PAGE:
Robe District Council ‘silencing tactics’ slammed

A Robe ratepayer remains frustrated at what he sees as “silencing tactics” by the Robe council.
A Robe ratepayer remains frustrated at what he sees as “silencing tactics” by the Robe council.

A Robe ratepayer remains frustrated at what he sees as “silencing tactics” by the Robe council.

But council CEO Roger Sweetman has denied the claim, saying the council welcomes public input, and provides adequate opportunity.

Resident Tony Bishop has been at odds with the council since he and his wife were pursued over a development application in 2011. The Bishops were later cleared of any wrongdoing, but Mr Bishop said his subsequent efforts to seek compensation or an apology have been frustrated by the council.

In November, Mr Bishop requested that the council launch an investigation into the ERD court judgement in 2014 which dismissed the council’s action against the Bishops.

Councillors voted against an investigation, prompting Mr Bishop to attend the December meeting where he claims he was prevented from putting his case.

Mr Bishop started to speak at the meeting and ask if the council had received a communication he had sent relating to complaints about the actions of the CEO Roger Sweetman, but he was quickly told it was not appropriate to discuss the matter.

Mayor Peter Riseley said: “This is a code of conduct complaint.”

Mr Bishop: “Can you explain to me why you can’t even have the decency to acknowledge...”

Cr John Enright: “Can you please let the mayor speak.”

Mayor: “Yes please Mr Bishop let me speak because it’s not an ordinary practice that everything has to be answered within 12 hours so I have handled the matter by handing it on to the deputy chief executive officer so it’s been lodged in correspondence and a response will be forthcoming at an appropriate time.

“So I’m sorry it is not within your rapid time response but it is in the system and you will get a response in due course.

“This is about a code of conduct complaint and it will not be discussed in here this evening.”

Mr Bishop: “I was making sure you actually had it.”

Cr Lawrence Polomka: “I move that this person no longer be heard, we’ve heard enough.”

Later, Mr Bishop told the Leader that the stymying tactics were typical of his dealings with the council. 

“The Robe council is trying to silence anyone who points out anything wrong with the council,” he said.

“I’d like the public to be aware of what the council is doing in terms of silencing people. I think this is pretty important to the public, from what I hear the public is pretty peeved with what’s going on.”

Mr Bishop said he had all but given up hope of getting any compensation or an apology from the council, but merely now wanted to make sure the council was accountable for its actions into the future.

“All I’m getting now is a re-run of what happened a few years ago,” he said.

“I tried to negotiate some form of compensation...I’ve virtually dropped that. I just don't want this to happen to anyone ever again.

“They don’t want anybody standing up in a public forum and saying anything...and that’s not right.”

Robe CEO Mr Sweetman responded to each of Mr Bishop’s claims, saying that the council had fulfilled its responsibilities in the wake of the court decision.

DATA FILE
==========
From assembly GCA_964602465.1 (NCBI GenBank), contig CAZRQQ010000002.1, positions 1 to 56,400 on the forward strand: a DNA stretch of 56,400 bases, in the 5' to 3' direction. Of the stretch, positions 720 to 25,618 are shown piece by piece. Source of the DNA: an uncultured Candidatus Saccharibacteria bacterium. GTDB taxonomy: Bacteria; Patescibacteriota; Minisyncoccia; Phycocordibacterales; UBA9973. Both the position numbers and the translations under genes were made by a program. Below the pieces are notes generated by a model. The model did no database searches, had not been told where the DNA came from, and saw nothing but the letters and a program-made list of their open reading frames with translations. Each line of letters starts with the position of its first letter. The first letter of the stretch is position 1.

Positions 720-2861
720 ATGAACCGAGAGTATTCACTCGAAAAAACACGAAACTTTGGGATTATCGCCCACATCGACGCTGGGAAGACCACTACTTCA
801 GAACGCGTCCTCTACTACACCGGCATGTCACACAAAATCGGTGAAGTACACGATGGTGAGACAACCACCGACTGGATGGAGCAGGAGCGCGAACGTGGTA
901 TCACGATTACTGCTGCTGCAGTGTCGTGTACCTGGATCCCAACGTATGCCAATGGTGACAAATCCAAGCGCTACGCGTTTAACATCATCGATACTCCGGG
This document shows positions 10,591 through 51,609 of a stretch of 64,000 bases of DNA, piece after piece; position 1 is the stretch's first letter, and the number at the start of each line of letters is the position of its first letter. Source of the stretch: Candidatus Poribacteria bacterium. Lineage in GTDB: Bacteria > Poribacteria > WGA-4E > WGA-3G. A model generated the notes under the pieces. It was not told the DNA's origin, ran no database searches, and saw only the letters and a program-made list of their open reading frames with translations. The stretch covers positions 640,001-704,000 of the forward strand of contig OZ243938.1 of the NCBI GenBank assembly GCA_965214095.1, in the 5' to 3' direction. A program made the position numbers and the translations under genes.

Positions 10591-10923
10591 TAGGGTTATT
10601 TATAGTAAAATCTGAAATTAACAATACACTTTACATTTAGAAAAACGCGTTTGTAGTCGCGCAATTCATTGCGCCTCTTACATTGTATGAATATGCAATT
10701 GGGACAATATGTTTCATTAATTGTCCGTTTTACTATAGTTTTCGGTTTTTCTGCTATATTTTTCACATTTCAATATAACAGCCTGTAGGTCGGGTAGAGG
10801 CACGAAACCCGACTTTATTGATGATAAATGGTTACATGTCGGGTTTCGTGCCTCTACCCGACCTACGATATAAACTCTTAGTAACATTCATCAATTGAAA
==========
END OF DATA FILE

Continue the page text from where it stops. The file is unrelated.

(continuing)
“Mr Bishop won the legal action in the Environment Resource and Development Court in relation to his uncompleted building work and council were required by the court to contribute to Mr Bishop’s legal costs. Council’s contribution was $14,000.

Council has received many pieces of correspondence from Mr Bishop and lawyers acting on behalf of Mr Bishop seeking council pay $40,000 in compensation to Mr Bishop.

“Council is of the view that it would need to have very good legal reasons to pay this amount of compensation. Council has obtained legal advice which has stated that Mr Bishop has yet to put forward legal argument to support his claim for compensation and to support the figure of $40,000.

“Mr Bishop has been advised that council will not consider a payment of compensation unless there are sound legal reasons to do so.”

Mr Sweetman said council provided opportunities for people to address council meetings, via the public forum and deputations, as well as elected member forums where the public could be invited to speak.

“There are however rules which the public must adhere to when they address the formal council meetings relating to behaviour, language and criticism of staff and elected members.

“These rules are standard throughout local government.

“If people addressing council do not adhere to these rules then they will be prevented from addressing council.

“Mr Bishop did not adhere to the rules relating to addressing council and therefore was prevented from continuing with his address.

“All elected members and staff are available to discuss matters with members of the public, but people must observe common decency when talking to elected members and staff.”

Mr Sweetman added: “Council welcomes community input and comment and conducts formal consultation in relation to matters before council. Elected members and staff informally consult with many of the community during the normal course of their day.”

On the issue of Mr Bishop’s request for an investigstion, Mr Sweetman said: “Council is currently working through the review process as detailed within the Local Government Act. If this review identifies any shortcomings in how council has managed Mr Bishop’s requests then these will be addressed by council.”